Make sure you update your resume, write a cover letter, and get your references together.

What skills do you need to be a psychologist?

A degree in psychology will teach you how to do your job. But, there are a few extra skills you’ll need to be successful. Here’s a quick rundown of the top five skills for psychologists.

Analytical skills

Psychologists need excellent analytical and problem-solving skills, as patients can come to them with a wide range of concerns. For example, a patient may need support to get through a breakup or to talk about events from their past.

Psychologists have to find solutions to make sure their patients get the best possible care.

Psychologists with specialties also need analytical skills. For example, forensic psychologists interview suspects and witnesses and look at case files. They analyze information to try to find a motive.

Communication skills

Another must-have skill is communication. Psychologists need to talk to their patients, the patients’ family members, and other healthcare professionals. To do their job well, they need to be confident and well-spoken.

They use their interpersonal skills to communicate with people from all backgrounds, even if they have different mother tongues. It’s not just about talking — listening and written communication skills are also essential to work in this job.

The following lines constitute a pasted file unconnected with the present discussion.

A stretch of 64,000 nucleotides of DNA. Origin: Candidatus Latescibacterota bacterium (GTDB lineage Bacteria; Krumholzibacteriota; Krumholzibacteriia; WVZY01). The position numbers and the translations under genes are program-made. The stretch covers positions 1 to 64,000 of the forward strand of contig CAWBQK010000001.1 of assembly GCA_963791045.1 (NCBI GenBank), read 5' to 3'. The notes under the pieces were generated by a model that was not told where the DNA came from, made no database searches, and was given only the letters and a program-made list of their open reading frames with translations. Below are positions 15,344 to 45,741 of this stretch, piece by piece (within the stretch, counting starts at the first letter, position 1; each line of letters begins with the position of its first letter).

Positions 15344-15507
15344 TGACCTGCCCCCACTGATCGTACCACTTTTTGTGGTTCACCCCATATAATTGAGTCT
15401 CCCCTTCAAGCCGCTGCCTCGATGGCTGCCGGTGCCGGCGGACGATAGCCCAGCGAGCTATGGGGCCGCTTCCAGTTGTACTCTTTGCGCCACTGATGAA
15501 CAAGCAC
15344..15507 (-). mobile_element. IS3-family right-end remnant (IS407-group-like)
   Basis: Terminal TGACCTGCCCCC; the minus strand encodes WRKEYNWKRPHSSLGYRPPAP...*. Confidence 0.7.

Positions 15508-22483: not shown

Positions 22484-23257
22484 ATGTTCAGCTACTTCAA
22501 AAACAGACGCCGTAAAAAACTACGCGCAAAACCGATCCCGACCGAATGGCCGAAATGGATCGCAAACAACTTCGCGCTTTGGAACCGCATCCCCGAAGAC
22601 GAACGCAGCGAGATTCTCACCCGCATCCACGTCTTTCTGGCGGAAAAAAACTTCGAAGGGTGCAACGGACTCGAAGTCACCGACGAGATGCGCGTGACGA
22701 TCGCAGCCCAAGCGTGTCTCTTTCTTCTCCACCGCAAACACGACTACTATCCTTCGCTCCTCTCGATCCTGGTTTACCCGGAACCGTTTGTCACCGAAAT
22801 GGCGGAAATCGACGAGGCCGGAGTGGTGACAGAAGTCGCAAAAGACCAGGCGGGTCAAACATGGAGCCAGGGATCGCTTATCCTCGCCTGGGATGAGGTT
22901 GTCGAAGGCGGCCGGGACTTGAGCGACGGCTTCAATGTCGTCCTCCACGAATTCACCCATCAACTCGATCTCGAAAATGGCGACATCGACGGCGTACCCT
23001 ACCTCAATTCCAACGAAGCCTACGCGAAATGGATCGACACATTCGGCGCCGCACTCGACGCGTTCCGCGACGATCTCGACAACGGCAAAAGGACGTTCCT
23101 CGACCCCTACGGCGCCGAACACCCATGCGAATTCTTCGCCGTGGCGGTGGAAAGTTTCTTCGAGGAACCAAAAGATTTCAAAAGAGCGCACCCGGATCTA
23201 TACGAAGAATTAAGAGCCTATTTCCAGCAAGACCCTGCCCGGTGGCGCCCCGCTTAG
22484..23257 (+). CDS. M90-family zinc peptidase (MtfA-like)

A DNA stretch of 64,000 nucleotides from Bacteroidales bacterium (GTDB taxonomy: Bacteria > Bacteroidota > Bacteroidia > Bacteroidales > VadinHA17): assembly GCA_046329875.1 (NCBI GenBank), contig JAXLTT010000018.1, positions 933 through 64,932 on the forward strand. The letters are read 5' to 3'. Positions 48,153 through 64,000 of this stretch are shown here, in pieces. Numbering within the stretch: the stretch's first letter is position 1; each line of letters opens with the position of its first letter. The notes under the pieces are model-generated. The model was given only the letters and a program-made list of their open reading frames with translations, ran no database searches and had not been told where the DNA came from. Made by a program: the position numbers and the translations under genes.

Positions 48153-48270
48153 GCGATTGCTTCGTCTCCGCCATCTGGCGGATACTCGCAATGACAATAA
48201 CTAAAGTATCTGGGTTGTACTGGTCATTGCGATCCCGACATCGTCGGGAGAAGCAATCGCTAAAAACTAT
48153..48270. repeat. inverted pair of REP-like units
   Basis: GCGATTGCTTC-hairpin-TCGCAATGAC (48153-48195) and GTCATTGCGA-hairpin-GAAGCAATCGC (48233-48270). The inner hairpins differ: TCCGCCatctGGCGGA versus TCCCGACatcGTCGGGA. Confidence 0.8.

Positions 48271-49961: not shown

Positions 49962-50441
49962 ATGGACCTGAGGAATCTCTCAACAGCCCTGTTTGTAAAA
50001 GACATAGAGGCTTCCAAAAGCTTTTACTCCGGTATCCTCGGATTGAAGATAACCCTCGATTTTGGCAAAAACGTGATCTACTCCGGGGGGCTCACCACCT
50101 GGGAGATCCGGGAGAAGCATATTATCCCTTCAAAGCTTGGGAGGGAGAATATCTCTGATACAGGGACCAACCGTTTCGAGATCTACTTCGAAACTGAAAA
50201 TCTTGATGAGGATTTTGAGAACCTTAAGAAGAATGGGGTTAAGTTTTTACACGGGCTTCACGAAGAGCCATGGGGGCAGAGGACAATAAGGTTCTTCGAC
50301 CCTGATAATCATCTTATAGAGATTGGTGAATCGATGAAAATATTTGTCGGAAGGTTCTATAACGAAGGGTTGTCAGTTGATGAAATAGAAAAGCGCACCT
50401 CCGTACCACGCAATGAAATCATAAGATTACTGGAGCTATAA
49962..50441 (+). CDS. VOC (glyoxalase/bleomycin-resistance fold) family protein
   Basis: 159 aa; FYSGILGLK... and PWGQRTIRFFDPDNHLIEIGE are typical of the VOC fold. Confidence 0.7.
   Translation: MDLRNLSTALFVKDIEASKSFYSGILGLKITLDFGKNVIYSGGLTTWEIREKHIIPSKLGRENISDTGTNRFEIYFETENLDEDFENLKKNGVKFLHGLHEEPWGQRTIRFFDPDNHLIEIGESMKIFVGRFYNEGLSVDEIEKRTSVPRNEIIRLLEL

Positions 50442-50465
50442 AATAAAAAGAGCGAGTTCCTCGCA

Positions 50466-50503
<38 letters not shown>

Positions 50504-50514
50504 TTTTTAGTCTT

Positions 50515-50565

Psychologists need to exhibit positive body language and should understand the meanings of non-verbal cues.

School psychologists and family therapists need to be able to communicate with children. They need to be aware of their unique needs and use child-friendly terms when speaking with them.

Patience

Psychologists treat people with a range of conditions. For example, patients may visit them for help with substance abuse, mental disorders, or behavioral disorders.

Patients can be vulnerable, and treatment can be ongoing. To be successful, psychologists need to be patient and empathetic. They need to make their patients feel comfortable by taking the time to listen.

Correctly diagnosing a patient can be a long process, and patients’ conditions can go downhill during their treatment. Good psychologists never make their patients feel bad, and they understand when things don’t go as planned.

Computer skills

Computer skills are also essential for psychologists. These professionals need to keep accurate records, and most rely on electronic patient files.

For example, psychologists may use a computer program to store patient contact details and manage appointments. They can keep track of therapies and changes to patients’ conditions.

Psychologists type letters, referrals, and reports. Depending on the field, these health professionals may also write research papers and articles for other professionals in the industry.

The types of software psychologists use can vary. Experience with Microsoft Office and accurate, fast typing speeds will be beneficial.

Integrity

The personal problems psychologists hear about from patients are confidential. Because these are often sensitive issues, integrity is essential.

Like all mental health professionals, psychologists have to follow a strict code of ethics. Anything a patient says or does has to be treated with confidentiality.